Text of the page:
POL 309-800, International Law
SUNY Oswego | Spring 2021
Dr. Craig Warkentin
Ch. 4, Jurisdiction (189-216)
Explain under what circumstances, and on what bases, certain government officials are accorded immunity (or not).
in absentia (200)
ratione materiae (195, 214)
ratione personae (195, 214)
What do you understand the double criminality requirement to be for extradition from the U.K.?
Why is torture considered to be a crime that confers upon states the right to prosecute the torturer regardless of any connection with the prosecuting state?
Why did the Court decide that Senator Pinochet could not claim immunity for acts of torture occurring after the date that Britain made the prohibition of torture as found in the Torture Convention part of its legislation even though Pinochet was still President of Chile at that time?
Why did the Court, despite its acknowledgment of the jus cogens nature of the prohibition of torture, uphold immunity for Senator Pinochet with respect to acts of torture committed prior to the Torture Convention's effective date?
What justifications does the Court articulate for finding that an incumbent foreign minister enjoys immunity from the jurisdiction of Belgium courts even for grave international crimes?
What are the implications of paragraphs 60 and 61 for the immunity ratione materiae of former officials accused of similar international crimes? Are these dicta (i.e., commentary unnecessary to the case's outcome) consistent or inconsistent with the Pinochet decision above? Can violations of article 1 of the Torture Convention be said to constitute "acts committed during that period of office in a private capacity"?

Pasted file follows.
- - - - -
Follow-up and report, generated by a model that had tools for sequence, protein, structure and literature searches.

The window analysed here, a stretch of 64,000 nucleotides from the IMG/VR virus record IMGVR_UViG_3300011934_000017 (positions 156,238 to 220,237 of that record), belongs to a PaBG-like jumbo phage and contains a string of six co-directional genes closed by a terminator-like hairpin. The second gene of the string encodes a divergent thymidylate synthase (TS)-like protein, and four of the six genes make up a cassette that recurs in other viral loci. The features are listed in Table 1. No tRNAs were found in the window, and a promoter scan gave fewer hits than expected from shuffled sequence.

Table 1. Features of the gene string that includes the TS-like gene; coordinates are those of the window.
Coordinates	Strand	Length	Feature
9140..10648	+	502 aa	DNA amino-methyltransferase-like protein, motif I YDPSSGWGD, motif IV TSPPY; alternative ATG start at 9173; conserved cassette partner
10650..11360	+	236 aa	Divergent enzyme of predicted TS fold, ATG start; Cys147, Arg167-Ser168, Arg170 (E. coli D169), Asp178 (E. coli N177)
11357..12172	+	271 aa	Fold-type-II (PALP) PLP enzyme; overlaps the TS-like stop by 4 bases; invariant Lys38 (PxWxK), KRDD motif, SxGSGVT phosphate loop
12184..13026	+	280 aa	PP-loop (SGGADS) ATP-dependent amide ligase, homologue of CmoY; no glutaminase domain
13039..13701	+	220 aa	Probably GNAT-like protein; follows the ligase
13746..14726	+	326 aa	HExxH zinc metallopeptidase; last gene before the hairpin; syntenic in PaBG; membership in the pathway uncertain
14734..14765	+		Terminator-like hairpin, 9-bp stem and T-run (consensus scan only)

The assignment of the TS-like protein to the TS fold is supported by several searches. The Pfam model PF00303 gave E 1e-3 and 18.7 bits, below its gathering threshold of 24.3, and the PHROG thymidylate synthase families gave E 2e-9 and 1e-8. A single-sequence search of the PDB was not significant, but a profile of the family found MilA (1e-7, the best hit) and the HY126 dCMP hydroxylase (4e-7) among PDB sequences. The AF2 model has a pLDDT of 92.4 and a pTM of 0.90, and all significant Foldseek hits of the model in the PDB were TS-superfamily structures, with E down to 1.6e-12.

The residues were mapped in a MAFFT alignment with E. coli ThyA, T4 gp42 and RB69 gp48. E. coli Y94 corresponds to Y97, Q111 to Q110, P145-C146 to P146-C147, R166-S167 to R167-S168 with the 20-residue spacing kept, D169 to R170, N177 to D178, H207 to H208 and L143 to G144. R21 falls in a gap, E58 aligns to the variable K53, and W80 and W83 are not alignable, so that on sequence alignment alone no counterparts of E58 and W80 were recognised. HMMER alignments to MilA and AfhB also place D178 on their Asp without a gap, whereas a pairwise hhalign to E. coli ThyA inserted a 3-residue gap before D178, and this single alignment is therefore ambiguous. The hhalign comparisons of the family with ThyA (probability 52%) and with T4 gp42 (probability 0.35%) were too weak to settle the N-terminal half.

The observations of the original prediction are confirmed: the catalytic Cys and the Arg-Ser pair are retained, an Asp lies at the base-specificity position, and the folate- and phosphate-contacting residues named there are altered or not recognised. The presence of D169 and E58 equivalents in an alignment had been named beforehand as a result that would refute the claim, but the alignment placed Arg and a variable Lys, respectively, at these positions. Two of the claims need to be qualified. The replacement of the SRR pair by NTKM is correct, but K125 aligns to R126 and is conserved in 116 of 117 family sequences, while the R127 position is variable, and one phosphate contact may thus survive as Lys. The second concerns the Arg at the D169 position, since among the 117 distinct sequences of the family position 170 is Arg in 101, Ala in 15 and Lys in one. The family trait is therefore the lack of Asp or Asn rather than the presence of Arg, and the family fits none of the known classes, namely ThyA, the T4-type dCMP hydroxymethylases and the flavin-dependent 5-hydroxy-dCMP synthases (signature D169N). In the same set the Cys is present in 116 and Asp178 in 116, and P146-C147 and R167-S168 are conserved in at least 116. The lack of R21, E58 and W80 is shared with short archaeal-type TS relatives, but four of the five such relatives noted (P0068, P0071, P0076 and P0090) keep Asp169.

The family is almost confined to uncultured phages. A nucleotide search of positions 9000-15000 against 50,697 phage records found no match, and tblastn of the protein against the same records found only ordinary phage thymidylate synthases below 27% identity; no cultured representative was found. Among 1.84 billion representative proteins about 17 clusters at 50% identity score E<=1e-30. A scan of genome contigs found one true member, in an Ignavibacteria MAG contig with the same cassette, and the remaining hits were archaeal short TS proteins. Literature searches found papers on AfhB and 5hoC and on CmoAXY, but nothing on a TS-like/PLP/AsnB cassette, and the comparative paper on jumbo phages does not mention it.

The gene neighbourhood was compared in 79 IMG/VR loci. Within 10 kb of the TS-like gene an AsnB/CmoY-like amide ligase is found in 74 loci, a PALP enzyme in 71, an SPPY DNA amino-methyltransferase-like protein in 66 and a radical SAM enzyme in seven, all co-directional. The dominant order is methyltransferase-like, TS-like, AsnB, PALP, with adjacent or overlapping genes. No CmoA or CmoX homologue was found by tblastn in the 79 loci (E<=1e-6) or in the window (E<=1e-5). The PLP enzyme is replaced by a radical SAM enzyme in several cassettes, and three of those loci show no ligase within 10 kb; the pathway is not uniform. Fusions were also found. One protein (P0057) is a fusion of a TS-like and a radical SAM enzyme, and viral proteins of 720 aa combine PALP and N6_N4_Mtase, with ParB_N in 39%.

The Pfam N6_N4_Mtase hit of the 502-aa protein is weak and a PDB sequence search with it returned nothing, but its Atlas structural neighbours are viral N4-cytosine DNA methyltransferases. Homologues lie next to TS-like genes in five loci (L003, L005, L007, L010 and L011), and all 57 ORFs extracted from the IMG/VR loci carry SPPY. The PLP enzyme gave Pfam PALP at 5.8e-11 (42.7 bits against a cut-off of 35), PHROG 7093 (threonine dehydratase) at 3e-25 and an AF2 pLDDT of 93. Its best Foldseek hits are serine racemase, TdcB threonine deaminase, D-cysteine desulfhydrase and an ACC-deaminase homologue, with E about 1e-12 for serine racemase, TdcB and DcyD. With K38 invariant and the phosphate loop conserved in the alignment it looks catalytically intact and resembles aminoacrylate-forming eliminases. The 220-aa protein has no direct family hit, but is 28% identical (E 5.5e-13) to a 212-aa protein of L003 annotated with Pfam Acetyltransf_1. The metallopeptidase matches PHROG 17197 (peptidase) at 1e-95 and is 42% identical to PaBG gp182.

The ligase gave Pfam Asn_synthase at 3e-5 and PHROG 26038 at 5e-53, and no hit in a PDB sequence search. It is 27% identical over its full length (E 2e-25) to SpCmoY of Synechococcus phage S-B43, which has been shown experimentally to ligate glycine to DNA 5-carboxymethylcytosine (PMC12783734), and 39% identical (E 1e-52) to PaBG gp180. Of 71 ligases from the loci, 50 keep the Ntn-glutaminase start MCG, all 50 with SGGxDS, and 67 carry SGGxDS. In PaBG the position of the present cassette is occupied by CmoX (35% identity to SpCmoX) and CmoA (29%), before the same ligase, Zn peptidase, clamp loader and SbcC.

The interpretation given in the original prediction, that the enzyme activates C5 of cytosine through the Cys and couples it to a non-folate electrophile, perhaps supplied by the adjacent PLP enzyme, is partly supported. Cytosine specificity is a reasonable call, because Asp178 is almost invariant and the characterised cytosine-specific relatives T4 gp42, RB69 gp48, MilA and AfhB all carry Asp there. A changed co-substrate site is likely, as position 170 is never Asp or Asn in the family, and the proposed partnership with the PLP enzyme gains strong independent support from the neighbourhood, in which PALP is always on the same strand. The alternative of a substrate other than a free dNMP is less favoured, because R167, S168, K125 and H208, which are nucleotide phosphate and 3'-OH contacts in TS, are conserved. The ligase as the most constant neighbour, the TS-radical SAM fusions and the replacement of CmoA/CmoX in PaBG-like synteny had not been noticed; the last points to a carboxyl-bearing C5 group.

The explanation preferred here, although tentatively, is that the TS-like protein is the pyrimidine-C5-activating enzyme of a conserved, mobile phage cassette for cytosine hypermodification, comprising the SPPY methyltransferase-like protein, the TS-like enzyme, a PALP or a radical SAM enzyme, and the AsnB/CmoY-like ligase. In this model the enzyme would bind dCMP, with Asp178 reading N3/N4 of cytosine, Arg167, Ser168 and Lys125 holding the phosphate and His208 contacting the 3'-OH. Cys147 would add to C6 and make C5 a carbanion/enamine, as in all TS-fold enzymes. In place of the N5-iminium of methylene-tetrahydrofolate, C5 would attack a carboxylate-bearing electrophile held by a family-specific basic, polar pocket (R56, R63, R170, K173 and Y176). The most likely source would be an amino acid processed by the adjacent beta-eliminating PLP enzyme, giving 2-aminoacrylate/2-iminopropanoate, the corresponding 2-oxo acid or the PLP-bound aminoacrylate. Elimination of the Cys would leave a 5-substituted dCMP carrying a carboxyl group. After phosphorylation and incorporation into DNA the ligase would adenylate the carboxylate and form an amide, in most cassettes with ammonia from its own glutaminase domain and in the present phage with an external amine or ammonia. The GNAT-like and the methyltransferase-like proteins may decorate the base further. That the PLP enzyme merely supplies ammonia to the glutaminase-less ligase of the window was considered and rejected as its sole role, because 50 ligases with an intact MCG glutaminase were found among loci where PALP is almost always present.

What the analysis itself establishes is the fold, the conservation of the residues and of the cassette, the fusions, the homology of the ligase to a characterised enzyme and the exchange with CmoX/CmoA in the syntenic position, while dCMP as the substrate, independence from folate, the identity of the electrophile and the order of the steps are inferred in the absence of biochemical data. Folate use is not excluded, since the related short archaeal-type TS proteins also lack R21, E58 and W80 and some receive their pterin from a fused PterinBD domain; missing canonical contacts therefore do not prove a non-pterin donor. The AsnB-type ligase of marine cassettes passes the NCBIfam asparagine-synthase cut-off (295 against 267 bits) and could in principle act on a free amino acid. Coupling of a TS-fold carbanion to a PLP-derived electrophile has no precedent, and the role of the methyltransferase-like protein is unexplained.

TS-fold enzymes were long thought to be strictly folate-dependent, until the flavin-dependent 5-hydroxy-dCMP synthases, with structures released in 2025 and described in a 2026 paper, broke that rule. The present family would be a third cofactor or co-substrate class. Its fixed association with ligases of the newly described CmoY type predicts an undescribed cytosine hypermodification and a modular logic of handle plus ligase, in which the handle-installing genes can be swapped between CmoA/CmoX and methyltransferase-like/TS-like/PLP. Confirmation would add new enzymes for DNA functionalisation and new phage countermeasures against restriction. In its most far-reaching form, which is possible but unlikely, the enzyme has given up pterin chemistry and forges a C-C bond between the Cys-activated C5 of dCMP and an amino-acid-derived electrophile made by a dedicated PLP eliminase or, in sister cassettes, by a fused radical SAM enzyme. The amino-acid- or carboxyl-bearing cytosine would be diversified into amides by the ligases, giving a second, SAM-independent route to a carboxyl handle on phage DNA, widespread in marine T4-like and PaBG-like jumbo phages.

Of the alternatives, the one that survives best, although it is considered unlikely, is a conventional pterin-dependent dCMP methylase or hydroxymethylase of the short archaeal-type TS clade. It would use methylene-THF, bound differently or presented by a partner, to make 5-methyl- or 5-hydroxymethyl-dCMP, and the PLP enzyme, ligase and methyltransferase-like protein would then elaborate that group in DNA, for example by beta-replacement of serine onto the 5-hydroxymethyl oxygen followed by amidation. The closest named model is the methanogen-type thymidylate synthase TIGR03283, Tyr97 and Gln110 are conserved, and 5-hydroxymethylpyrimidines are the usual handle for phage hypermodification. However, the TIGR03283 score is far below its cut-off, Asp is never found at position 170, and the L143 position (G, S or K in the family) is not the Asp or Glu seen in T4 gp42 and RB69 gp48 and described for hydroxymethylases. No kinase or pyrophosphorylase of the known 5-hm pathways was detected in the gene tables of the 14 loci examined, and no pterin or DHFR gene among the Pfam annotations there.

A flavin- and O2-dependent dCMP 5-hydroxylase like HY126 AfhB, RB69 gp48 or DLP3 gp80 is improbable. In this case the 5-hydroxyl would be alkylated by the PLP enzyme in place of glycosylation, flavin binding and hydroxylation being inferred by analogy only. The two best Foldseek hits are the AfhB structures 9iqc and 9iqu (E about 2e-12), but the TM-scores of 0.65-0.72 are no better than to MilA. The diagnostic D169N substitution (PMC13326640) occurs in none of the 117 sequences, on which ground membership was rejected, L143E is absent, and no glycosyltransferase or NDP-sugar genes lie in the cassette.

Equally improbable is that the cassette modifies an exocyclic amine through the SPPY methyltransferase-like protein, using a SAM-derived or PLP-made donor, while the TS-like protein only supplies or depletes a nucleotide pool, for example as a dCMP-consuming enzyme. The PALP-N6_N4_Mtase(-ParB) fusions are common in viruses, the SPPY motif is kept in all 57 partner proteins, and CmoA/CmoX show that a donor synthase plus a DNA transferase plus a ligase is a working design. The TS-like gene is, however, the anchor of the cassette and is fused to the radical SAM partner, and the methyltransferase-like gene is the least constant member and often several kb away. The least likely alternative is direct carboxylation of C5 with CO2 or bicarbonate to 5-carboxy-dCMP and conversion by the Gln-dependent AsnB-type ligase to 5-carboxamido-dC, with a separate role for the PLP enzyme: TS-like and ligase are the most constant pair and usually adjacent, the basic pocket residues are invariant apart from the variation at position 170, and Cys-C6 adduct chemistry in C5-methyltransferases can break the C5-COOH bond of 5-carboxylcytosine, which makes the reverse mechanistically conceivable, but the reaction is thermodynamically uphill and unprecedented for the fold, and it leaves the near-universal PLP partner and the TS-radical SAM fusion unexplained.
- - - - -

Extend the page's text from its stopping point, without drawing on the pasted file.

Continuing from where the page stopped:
If Iraq had issued an international arrest warrant for U.S. President George W Bush or U.S. Secretary of Defense Donald Rumsfeld when they were still in office, accusing them of war crimes, do you think an incumbent U.S. President or incumbent U.S. Secretary of Defense should be able to claim immunity from Iraq's national courts? What about a former U.S. President or a former U.S. Secretary of Defense?
To what extent do U.S. judicial decisions on the immunity of foreign officials turn on an interpretation and application of international law, as opposed to deference to the Executive? Does the answer depend on whether the immunity being decided is ratione personae (status) or ratione materiae (conduct)? Why?
Why did the court's ruling find Samantar not to be entitled to immunity for acts that he committed as an official on behalf of what was then the Somali government?
Would the court's ruling have been different had the State Department made a "suggestion of immunity" in Samantar's favor?